And now?

From Wisdom to Laughter

“All I claim to know is that laughter is the most reliable gauge of human nature.” This is where we turn to humor and the irony of how the preceding quote is attributed to Russian novelist Fyodor Dostoyevsky. Someone who according to Britannica, “specialized in the analysis of pathological states of mind that lead to insanity, murder, and suicide and in the exploration of the emotions of humiliation, self-destruction, tyrannical domination, and murderous rage.”

For readers who lived through dial-up modems, you may remember when you first saw Baby Cha-Cha-Cha, also known as Dancing Baby. Do you remember? Considered the first meme to go viral on the internet, the rendered animation of a diapered baby performs a cha-cha type dance.  At the time, the second half of the 1990s, the term “meme” remained obscure.  Close to twenty years would pass before I really understood what a meme was. It was Harambe not Oxford Languages that in practical terms helped me understand that a meme was “An image, video, piece of text, etc., that is copied (often with slight variations) and spread rapidly by internet users.” Or simply an unserious response, created in an attempt to cause laughter. Some may say, as a result of a generational discord where youth are unable to regard major events with the “appropriate weight.” Whichever stance is taken, the motivation is one of humor. A valuable quality or state of mind.

Harambe was named after Rita Marley, widow of Bob Marley, and her song “Harambe” (Working Together for Freedom. The 440lb. 17-year old Western gorilla was shot dead while in captivity. Nearly instantly, thousands of memes were launched.  The power and virality of the internet would once again demonstrate how a collective online psyche can catch like wildfire. In “The Power of Memes,” Allexus writes how “the use of memes is important to our growing society where Meme Culture brings people together as it represents the media around us.” Whether people are “brought together” may be dependent on if the humor is shared. For at first glance, a meme may be deceiving, especially if it is re-mixed and out of context. Laughter is possible, democratization of discourse is certain.

Harambe certainly stirred emotion and became an overnight social justice sensation. Similarly, the Coronavirus, also not a topic inherently humorous, would be the brunt of countless memes. However, it is possible they helped us find our smile, if even under a mask.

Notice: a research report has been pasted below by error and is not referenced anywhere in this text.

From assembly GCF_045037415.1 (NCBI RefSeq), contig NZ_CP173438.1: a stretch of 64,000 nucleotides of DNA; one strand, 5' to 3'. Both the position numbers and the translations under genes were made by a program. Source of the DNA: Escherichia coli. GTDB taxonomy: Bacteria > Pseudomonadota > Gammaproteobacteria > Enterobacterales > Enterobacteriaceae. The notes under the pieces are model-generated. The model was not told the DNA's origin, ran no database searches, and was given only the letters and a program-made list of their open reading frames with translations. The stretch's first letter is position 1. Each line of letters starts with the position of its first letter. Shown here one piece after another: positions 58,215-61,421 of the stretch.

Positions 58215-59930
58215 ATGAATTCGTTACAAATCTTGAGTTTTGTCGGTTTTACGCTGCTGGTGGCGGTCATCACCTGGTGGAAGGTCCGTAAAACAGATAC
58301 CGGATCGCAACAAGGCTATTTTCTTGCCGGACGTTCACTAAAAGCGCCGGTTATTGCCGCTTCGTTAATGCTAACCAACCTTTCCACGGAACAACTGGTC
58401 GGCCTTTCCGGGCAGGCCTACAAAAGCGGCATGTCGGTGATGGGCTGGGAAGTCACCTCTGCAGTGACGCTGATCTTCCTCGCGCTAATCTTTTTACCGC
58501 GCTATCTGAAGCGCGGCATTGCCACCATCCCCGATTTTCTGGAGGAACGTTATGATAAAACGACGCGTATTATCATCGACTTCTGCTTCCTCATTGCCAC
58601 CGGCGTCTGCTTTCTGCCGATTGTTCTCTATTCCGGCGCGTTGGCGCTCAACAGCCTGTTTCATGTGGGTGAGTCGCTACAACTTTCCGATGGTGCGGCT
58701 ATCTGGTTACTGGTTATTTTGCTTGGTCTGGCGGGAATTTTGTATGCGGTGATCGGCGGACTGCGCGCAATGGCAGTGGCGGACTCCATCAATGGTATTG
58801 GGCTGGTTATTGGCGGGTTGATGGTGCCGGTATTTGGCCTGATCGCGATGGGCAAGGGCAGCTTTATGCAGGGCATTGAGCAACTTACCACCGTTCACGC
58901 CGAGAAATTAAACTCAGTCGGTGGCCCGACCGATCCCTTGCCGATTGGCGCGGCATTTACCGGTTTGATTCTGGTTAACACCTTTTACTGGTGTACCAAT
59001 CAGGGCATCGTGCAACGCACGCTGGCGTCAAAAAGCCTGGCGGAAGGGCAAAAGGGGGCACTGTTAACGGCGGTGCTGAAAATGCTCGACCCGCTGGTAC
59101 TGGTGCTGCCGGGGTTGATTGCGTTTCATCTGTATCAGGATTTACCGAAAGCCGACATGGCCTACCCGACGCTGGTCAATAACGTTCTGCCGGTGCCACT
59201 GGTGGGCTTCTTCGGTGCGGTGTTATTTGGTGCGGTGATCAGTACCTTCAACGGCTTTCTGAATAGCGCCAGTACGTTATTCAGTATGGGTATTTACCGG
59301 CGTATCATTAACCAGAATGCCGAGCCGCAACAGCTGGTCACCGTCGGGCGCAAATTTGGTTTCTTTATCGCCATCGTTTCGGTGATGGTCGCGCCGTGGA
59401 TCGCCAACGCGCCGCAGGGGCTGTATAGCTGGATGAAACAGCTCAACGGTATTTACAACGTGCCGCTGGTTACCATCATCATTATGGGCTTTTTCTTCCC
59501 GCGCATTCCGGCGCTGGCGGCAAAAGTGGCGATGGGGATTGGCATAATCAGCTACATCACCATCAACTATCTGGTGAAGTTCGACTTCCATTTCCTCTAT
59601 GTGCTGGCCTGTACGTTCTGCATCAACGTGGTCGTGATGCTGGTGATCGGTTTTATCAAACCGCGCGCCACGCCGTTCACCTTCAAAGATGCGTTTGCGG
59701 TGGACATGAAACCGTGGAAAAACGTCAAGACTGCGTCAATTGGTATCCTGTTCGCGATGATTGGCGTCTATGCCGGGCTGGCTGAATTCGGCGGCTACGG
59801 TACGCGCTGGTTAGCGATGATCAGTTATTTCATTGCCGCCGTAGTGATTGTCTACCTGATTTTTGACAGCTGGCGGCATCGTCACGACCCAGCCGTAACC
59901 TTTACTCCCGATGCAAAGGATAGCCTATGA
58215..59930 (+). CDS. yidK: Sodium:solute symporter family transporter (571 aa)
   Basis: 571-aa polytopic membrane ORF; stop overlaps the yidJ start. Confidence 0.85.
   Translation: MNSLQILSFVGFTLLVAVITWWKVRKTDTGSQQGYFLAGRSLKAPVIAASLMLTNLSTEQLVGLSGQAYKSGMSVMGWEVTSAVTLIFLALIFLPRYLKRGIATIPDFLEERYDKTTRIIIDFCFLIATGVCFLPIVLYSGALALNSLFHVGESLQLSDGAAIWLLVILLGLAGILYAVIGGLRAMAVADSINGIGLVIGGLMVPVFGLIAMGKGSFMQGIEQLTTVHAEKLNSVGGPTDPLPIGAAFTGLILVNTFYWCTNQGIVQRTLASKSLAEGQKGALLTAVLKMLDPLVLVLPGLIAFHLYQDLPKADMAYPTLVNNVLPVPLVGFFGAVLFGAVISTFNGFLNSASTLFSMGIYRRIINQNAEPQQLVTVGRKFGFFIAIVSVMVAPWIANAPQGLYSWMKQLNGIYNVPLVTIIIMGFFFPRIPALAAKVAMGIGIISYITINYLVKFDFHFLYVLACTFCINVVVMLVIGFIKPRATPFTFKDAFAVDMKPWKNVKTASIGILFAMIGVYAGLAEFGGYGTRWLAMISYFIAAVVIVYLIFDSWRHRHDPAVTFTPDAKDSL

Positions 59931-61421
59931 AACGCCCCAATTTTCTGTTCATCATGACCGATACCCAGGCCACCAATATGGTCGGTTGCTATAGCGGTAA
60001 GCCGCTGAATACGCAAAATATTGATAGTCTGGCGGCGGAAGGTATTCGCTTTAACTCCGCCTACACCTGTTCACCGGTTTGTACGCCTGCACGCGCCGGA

In a world engulfed in fear, deceit, and distraction, we have a choice. Hopefully one of reflection, redirection, and focus. Not fooled by appearances or lulled back to sleep. The pig with pretty lipstick is still a pig. And as we identify it as such, might we too laugh a little.

But also move.

Jolted awake by Socrates’ gadfly, a new reality possibly already appears in our rear view mirrors. The past few years  allowing for a recognition of that which must dissolve.  Now, might we utilize the wisdom and vision gained, along with a sense of humor, to create a new narrative.  Pathways toward the light. Out of the caves.

Again.

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ABOVE AND BELOW

Say the name Theodor Geisel and few know who you are talking about. Then, mention the name Dr. Seuss and it isn’t just the educators who nod their heads in recognition.  Yet, the two are the same man. 

Growing up in Springfield, Massachusetts the delicious smells which wafted from Geisel’s grandparents’ bakery were at odds with the foul odors emitted from the Gasworks plant a short distance away. This formative experience was one which many readers feel was the genesis of the dark tale of the Lorax.  The foreboding narrative told by the Once-ler however, ends with optimism as one last Truffula seed is revealed. 

The same can be said for both the future of education and coffee.

Few “precious seeds” remain.  

The Future of Coffee

3 billion cups of coffee are consumed each day, nearly all extracted from but two species. Coffea arabica, known as Arabica; and Coffea canephora, known as Robusta are the backbone of the coffee industry…and our mornings! Arabica is the more expensive variety and what you likely will find in your cup at most cafes, whereas robusta dominates the instant coffee market.  Upwards of 80% of coffee production is Arabica and yet it has a low tolerance for rising temperature, produces less beans, and is also susceptible to rust. Journalist Maryn McKenna makes a clear case for the role of change not being optional, as the planet continues to shift.  Details of living with the relentless “rust rampage across the globe” can be explored in Maryn’s Atlantic article titled, “Coffee Rust is Going to Ruin Your Morning.”